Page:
Miranda v. Arizona created an exclusionary rule that prohibits using, as part of the prosecution's case in chief, evidence that is obtained as the result of unwarned custodial interrogation. In Michigan v. Tucker and Oregon v. Elstad, the United States Supreme Court narrowed the scope of this rule in relation to the "fruit of the poisonous tree" doctrine that excludes all evidence derived from constitutional violations. The Tucker Court held that the testimony of a witness identified from an unwarned statement should be admitted, and the Elstad Court held that a warned statement following an unwarned statement should also be admitted. In both cases, the primary rationale for the exceptions was the prophylactic status of the Miranda rule. This status distinguished Miranda violations from constitutional violations to which the fruits doctrine was applicable. In 2000, the U.S. Supreme Court reversed its earlier characterization of Miranda as a prophylactic rule, and instead reaffirmed the rule's constitutional status in Dickerson v. United States. After Dickerson, a circuit split developed regarding the admissibility of physical evidence derived from unwamed statements excluded at trial. This Comment argues that the U.S. Supreme Court should hold that both the unwarned statement and its derivative physical evidence should be excluded from the prosecution's case in chief. Fifth Amendment precedent mandates applying the fruits doctrine to physical evidence derived from an unwared statement in order to effectively deter violations of Miranda and to ensure the trustworthiness of evidence obtained in the interrogation setting.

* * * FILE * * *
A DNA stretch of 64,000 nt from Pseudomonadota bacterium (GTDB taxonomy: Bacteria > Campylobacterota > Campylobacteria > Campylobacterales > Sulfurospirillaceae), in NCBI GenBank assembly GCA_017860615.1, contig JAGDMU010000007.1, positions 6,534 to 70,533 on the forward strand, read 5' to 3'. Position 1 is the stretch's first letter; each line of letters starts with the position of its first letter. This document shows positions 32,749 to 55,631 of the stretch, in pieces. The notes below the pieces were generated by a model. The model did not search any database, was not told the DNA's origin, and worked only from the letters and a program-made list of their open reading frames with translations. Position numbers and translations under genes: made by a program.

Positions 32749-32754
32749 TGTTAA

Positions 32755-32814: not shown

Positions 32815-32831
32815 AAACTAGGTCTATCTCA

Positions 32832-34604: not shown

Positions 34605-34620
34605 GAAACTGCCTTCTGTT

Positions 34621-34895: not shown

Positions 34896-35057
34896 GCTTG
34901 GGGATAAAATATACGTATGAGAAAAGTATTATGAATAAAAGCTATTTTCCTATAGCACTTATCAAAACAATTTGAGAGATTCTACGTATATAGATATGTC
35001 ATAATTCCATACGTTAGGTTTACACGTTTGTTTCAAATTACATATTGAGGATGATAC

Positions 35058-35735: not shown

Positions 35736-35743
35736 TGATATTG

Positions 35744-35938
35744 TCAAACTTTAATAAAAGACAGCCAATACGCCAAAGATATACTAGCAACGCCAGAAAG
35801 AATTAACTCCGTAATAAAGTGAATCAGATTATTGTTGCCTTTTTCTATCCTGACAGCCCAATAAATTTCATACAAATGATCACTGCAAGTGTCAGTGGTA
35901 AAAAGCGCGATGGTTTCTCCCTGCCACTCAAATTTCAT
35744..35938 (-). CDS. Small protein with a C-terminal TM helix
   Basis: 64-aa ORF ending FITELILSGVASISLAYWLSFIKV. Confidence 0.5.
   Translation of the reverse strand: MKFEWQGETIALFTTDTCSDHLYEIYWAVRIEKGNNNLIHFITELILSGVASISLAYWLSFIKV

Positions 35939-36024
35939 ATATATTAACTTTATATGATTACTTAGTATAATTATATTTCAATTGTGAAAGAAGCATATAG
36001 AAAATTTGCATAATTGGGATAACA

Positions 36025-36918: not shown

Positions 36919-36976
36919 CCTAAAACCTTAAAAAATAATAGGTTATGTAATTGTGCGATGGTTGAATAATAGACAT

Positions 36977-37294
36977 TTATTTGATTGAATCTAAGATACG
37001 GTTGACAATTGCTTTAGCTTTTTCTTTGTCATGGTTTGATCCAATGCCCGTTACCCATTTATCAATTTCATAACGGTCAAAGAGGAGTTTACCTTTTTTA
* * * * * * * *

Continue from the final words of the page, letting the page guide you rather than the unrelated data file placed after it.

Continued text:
Kirsten L. Ambach,
Notes and Comments,
Miranda's Poisoned Fruit Tree: The Admissibility of Physicial Evidence Derived from an Unwarned Statement,
78 Wash. L. Rev.
Available at: https://digitalcommons.law.uw.edu/wlr/vol78/iss3/4